Utilization of Reclaimed Asphalt Pavement in the United States
NBMCW.com – Aug. 21
Recycling of asphalt pavements started around 1915 in the United States, but it did not become a common practice until later (1970s) when asphalt binder prices skyrocketed as a result of the Arab oil embargo. The 1970s marked the beginning of the widespread use of reclaimed asphalt pavement (RAP) in asphalt pavements in the United States. In addition, in the 1980s, some field trials with high RAP contents were constructed and evaluated. (Professor Serji Amirkhanian, Ph.D., Professor of Civil Construction and environmental Engineering, University of Alabama, Tuscaloosa, Alabama, USA)
What Are Some Organizational Communication Network Examples?
Houston Chronicle – Aug. 21
Organizational communication addresses how information circulates among the employees of a company. Generally speaking, knowledge passes from one person to another within a corporation by one of two ways: via an informal or a formal communication network … In his Institute for Public Relations article “Employee/Organizational Communications,” Bruce K. Berger, Ph.D., of the University of Alabama has an alternative name for a diagonal communication network: “omni-directional,” because it includes everyone within the company regardless of ranking and function.
THE PORT RAIL: Coups have long history as shortcut to power
Tuscaloosa News – Aug. 20
I had to chuckle while reading about the military coup in Turkey a month ago. We seem to be surprised, mystified, shocked, and altogether puzzled by a people who would attempt to remove their executive — the president in this case — and replace him with a general. Actually, some political commentators here in the U.S. were astute, and bold, enough to say what was on their mind: Removing this pro-Islamic president might benefit U.S. foreign policy in the Middle East. (Larry Clayton is a retired University of Alabama history professor. Readers can email him at firstname.lastname@example.org.)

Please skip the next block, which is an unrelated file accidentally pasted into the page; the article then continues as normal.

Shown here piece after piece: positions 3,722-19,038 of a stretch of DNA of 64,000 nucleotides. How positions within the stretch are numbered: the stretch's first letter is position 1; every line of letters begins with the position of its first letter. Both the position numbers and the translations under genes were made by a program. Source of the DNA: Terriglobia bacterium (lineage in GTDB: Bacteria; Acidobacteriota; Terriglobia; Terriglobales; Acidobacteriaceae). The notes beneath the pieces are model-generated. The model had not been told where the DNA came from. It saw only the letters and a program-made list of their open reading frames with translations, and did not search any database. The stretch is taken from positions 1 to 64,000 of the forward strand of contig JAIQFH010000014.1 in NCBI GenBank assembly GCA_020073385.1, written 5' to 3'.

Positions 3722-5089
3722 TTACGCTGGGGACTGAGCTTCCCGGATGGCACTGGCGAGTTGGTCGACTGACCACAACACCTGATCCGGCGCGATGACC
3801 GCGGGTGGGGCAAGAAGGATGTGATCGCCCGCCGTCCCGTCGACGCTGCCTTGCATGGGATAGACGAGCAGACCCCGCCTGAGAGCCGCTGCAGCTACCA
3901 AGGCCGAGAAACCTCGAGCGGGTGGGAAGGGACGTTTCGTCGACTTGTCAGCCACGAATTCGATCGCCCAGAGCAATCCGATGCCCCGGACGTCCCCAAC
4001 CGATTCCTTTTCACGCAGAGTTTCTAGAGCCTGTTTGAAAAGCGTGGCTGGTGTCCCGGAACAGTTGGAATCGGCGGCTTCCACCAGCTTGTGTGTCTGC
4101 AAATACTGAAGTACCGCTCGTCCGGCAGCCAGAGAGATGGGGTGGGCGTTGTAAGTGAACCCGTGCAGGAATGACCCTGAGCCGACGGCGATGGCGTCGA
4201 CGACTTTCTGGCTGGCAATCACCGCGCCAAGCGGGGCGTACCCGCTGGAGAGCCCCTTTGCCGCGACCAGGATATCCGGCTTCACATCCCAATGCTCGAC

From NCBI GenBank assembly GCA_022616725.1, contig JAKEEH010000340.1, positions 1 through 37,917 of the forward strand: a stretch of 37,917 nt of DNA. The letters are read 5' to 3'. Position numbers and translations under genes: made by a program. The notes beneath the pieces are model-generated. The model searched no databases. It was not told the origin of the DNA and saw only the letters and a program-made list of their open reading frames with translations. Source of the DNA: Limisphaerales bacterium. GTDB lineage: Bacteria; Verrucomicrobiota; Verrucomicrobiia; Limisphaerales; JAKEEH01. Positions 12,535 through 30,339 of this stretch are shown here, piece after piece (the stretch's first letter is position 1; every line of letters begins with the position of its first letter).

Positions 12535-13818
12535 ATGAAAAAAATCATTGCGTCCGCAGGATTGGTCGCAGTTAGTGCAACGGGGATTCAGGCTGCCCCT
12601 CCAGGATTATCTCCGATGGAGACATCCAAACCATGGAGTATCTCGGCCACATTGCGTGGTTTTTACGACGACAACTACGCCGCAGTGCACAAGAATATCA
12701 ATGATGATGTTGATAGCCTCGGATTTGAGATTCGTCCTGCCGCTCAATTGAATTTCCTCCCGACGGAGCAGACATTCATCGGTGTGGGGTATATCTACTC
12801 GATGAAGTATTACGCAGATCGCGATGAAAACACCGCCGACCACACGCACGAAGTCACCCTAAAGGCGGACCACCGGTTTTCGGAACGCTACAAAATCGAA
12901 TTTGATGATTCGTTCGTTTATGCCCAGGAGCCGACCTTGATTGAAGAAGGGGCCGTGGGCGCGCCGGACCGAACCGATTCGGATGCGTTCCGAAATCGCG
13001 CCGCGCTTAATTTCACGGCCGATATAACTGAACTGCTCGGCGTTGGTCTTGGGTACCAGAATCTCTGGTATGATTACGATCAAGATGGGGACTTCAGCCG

How Donald Trump’s rollicking rally in Mobile still resonates a year later
AL.com – Aug. 21
Donald Trump ruled over Alabama one year ago this night, with a bombastic stadium rally the likes that had rarely been seen in Republican Party politics in recent times. From Trump’s rock-star entrance to Lynyrd Skynyrd’s “Sweet Home Alabama” to a pre-event fly over aboard his own jetliner, the rally that drew tens of thousands to Ladd-Peebles Stadium in Mobile served as a foretaste of what was to come – both the good and the bad — from the present-day GOP nominee for president. . . . “Official and Trump estimates of the crowd differed but it was still large,” said William Stewart, professor emeritus of political science at the University of Alabama. “I’m sure many wanted to see this celebrity who they had seen many times on TV.”
Lydia Pate, American Ballet Theatre intensive
Greensboro (N.C.) News and Record – Aug. 22
Lydia Pate of Burlington attended American Ballet Theatre Summer Intensive at the University of Alabama. . . “I had the honor of training under legendary dancers such as Julie Kent, Carla Stallings-Lippert, Melissa Hale-Coyle and others,” she emailed. “I enjoyed working with other dancers from around the world, who, like myself, also hope to dance professionally in the future. We received training in classical ballet, pointe, pas de deux, jazz, character and other styles. We danced six hours a day/six days a week. “It was a wonderful experience, and I look forward to auditioning for ABT again in the future!”
The University of Alabama, a student-centered research university, is experiencing significant growth in both enrollment and academic quality. This growth, which is positively impacting the campus and the state's economy, is in keeping with UA's vision to be the university of choice for the best and brightest students. UA, the state's flagship university, is an academic community united in its commitment to enhancing the quality of life for all Alabamians.